Sarah’s Law is named after a 15 year old girl who became pregnant and had an abortion without her parents’ knowledge. During the abortion procedure, Sarah’s cervix was torn. As a result, Sarah suffered blood poisoning, fever, chills, abdominal pain, and nausea for four days before finally being admitted to the hospital. By the time Sarah received medical attention, the infection raging in her body was too far advanced and she died.Sarah’s life could have been saved if only her parents had known about the abortion and she had received prompt medical care.
In California, a child under the age of 18 can’t get an aspirin from the school nurse without parental consent. But a doctor can perform a surgical or chemical abortion on that same child without her parents ever knowing about it.
Sarah’s Law addresses this inconsistency in our laws by requiring that a physician notify a parent or, in the case of abuse, another adult family member, like a grandparent or favorite aunt, at least 48 hours before performing an abortion on a girl under the age of 18.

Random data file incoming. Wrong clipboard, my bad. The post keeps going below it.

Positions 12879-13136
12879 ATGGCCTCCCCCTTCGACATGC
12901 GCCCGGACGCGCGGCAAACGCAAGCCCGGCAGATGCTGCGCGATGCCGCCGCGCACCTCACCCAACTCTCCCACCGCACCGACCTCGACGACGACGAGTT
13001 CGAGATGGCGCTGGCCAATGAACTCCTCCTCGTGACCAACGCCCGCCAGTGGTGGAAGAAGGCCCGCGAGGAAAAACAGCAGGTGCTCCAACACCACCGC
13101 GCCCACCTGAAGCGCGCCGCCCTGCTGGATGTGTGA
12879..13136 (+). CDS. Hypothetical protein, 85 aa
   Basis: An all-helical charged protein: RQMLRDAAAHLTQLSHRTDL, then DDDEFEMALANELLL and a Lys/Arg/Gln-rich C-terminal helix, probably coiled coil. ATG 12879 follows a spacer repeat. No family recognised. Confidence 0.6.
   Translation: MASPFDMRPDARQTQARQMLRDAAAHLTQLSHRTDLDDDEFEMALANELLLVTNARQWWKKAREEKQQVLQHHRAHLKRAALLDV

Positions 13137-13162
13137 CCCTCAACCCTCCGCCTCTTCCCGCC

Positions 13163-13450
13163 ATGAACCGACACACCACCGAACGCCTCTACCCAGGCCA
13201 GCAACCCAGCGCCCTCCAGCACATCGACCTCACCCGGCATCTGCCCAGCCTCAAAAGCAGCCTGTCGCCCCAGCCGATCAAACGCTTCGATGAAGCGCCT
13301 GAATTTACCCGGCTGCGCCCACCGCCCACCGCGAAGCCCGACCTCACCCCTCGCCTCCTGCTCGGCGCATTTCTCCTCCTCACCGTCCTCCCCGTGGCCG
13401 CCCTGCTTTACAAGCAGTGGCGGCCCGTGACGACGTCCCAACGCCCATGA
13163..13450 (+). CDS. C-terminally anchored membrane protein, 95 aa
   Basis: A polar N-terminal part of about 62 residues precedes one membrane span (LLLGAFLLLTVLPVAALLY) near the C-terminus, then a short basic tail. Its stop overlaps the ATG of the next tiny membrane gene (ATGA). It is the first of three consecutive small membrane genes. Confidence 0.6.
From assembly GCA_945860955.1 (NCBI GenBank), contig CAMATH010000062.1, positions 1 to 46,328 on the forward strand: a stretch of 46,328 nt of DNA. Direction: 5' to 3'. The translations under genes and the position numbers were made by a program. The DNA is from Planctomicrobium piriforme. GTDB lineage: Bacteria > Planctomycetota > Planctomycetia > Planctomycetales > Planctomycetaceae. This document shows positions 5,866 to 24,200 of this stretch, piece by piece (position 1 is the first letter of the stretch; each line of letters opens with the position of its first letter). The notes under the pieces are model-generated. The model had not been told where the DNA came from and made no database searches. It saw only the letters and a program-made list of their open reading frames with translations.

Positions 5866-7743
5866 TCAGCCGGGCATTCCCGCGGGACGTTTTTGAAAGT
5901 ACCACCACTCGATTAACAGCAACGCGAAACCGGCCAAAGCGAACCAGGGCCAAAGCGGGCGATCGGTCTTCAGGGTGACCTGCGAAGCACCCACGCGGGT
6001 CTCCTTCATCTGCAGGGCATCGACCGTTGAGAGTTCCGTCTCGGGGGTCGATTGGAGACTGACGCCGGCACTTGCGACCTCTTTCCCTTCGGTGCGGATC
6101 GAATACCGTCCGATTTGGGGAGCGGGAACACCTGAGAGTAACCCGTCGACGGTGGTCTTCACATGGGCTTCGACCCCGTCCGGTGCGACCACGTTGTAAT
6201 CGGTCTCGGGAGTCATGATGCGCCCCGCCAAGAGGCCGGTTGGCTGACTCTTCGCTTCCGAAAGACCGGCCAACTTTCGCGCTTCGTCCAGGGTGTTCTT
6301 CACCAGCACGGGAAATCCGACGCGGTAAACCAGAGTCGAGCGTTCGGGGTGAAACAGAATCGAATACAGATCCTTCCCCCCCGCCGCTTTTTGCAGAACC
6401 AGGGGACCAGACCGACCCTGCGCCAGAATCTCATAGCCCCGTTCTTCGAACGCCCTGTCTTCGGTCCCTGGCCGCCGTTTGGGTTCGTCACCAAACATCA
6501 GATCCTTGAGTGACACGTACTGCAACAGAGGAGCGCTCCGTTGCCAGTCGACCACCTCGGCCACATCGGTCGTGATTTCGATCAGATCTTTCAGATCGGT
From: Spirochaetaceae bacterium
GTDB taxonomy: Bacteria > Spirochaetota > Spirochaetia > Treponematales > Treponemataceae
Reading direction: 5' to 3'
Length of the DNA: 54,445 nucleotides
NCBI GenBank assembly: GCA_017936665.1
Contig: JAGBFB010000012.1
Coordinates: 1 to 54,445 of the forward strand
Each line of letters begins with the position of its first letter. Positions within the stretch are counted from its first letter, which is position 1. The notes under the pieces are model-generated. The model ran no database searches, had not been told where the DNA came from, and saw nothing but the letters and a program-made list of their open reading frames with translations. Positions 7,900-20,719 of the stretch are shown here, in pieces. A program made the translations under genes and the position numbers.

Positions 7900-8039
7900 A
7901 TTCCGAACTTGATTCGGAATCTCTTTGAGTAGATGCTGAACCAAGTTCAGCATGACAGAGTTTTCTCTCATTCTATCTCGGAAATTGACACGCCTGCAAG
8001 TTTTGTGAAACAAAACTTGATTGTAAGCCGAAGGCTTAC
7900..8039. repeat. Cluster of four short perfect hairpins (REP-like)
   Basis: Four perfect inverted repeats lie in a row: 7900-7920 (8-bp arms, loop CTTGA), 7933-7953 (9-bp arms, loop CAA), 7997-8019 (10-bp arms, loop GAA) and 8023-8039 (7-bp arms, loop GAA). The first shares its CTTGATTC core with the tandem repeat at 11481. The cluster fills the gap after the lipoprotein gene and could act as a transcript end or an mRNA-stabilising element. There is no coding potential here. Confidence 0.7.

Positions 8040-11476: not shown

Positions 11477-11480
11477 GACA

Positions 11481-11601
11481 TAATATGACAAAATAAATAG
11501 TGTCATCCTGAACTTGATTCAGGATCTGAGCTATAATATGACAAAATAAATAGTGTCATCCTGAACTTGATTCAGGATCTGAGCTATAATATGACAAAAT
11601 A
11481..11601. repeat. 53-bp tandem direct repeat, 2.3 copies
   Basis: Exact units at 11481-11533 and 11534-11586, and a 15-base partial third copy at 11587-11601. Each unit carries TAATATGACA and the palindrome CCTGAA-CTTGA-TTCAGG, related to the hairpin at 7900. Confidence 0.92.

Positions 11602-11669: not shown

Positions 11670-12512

Sarah’s Law will help protect our daughters. Sarah’s Law will save lives!
Unlike Proposition 73 and Proposition 85, similar measures that narrowly failed at the ballot box in 2005 and 2006, “Sarah’s Law” does not limit notification to a parent, but allows a physician to notify another adult family member designated by the girl in instances of abuse.
“We have conscientiously studied the results of Proposition 85,” said a spokesman for the campaign. “With the changes we have made, it is difficult to imagine what rationale anyone could have for opposing Sarah’s Law. We are, after all, talking about protecting young girls from exploitation and abuse. Who, pray tell, opposes that-and more importantly, why?”
694, 354 valid signatures are required to qualify Sarah’s Law for the November 2008 ballot. It will take at least 1.1 million signatures, however, to guarantee there are enough valid signatures. As of March 3, the campaign has received 663,759.
To learn more about Sarah’s Law and help qualify it for the ballot, you can e-mail email@example.com, call toll free (866) 828-8355, or go to the website.
Filed under: America, California, Politics | 2 Comments »